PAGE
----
TAG | Chernobyl
April 26, 1986, the most devastating accident at the nuclear power plant occurred. As a result, Pripyat, young and thriving Soviet city, was abandoned.
But its life goes on now in other forms – in forms of interesting and unexpected graffiti on the streets of a ghost town. Streets and avenues are almost completely overgrown with trees, the city is gradually destroyed.
Sarcophagus built over the fourth power unit of Chernobyl nuclear power plant in Pripyat deteriorates. The danger if it collapses is largely determined by how much radioactive material is inside it.
According to official data, the figure is 95% of what it was at the time of the accident. If it is correct, then the destruction of sarcophagus can lead to very high radioactive emissions. Photos: AP Photo/Efrem Lukatsky
Kopachi is an abandoned village, located about 4 km from Chernobyl nuclear power plant on the right bank of the Pripyat River, in Ivankovsky district of Kiev region. It was a booming village in 1980s. April 26, 1986, after the accident at the station, the village was badly contaminated.
The village, located in the 10-kilometer zone of the Chernobyl exclusion, was eliminated by complete destruction; the remains of it were covered with earth. At the moment the territory is not inhabited.
This is what happens to the inhabitants of the river just after a few decades, if the river is not disturbed by people, and perhaps due to the excessive radiation.
The Earth without man would have been quite a busy place, and the Chernobyl zone as a whole, and in particular the Pripyat River, is an interesting object for such studies.
The exclusion zone of the Chernobyl nuclear power plant, in 1986-1987 called 30-kilometer zone, is a forbidden for free access area, contaminated with radionuclides as a result of explosion at Chernobyl nuclear power plant.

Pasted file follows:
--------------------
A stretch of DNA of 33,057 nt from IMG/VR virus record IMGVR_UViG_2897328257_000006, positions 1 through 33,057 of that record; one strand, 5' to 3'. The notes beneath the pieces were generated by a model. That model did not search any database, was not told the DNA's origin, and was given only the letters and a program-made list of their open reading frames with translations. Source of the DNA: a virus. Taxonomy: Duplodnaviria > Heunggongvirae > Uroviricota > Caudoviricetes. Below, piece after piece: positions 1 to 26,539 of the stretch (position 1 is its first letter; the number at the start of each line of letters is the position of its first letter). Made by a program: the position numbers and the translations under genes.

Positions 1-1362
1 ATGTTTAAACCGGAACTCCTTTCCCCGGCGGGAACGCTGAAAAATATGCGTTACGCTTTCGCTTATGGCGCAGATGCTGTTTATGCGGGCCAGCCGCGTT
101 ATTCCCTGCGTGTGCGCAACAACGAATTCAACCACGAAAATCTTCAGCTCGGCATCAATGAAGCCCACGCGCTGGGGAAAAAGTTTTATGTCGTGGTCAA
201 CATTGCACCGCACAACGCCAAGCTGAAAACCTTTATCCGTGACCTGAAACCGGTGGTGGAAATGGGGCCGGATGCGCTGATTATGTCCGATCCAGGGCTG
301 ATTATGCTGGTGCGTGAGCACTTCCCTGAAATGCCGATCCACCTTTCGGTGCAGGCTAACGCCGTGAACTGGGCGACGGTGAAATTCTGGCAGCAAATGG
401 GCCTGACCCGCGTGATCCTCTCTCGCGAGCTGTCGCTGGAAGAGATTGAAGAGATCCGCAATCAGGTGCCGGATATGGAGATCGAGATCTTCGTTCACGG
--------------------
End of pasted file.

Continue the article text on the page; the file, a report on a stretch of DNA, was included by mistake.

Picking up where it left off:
Chernobyl zone includes the northern part of Ivankovsky district of Kiev region, where the power plant itself, the towns of Chernobyl and Pripyat are located; north of the Polesie district of Kiev region; as well as the part of Zhitomir region. The population of the area was evacuated. Photos by tov_sergeant.
The exhibition of “Chernobyl” museum located in Kiev is about the largest in the history of nuclear power accident – the accident at the fourth unit of Chernobyl nuclear power plant (Pripyat city) happened in April 1986.
The museum has the collection of about 7,000 exhibits – declassified documents, maps, photographs, objects of ethnic culture, personal belongings of people participated in liquidation of the disaster. The museum of Chernobyl was opened on April 26, 1992. It was dedicated to the fifth anniversary of the accident. Photos by lady-sumerki
Pripyat was home for people working at one of the largest in Europe nuclear power plants – Chernobyl Nuclear Power Plant. The city was built close to Kiev, the capital of Ukraine. The distance is about 100 km.
The population of the city was about 49,400 before the disaster (April 26, 1986). After the disaster Pripyat was abandoned, all the residents were evacuated. Today it attracts tourists and scientists from all over the world.
Let’s see how Pripyat looks today in freezing weather and covered in snow. Photos by Sergei Nagorny.
The Chernobyl accident is the destruction of the fourth power unit of the Chernobyl nuclear power plant (Pripyat city) in April 26, 1986.
The destruction was of an explosive nature, the reactor was completely destroyed, large quantities of radioactive substances were released into the air. The accident is regarded as the largest of its kind in the history of nuclear energy.
Interesting HD tour through closed Chernobyl Zone showing the present look of the disaster site and the surrounding area.
Today the world is marking the 25th anniversary of the worst nuclear accident in history happened in Chernobyl. Press photographer Igor Kostin was the first professional press photographer who began to work at the accident site at Chernobyl.
Igor Kostin captured more than five thousand photographs of the Chernobyl disaster and its aftermath. He received more than five maximum allowable doses of radiation. Here are several of his works.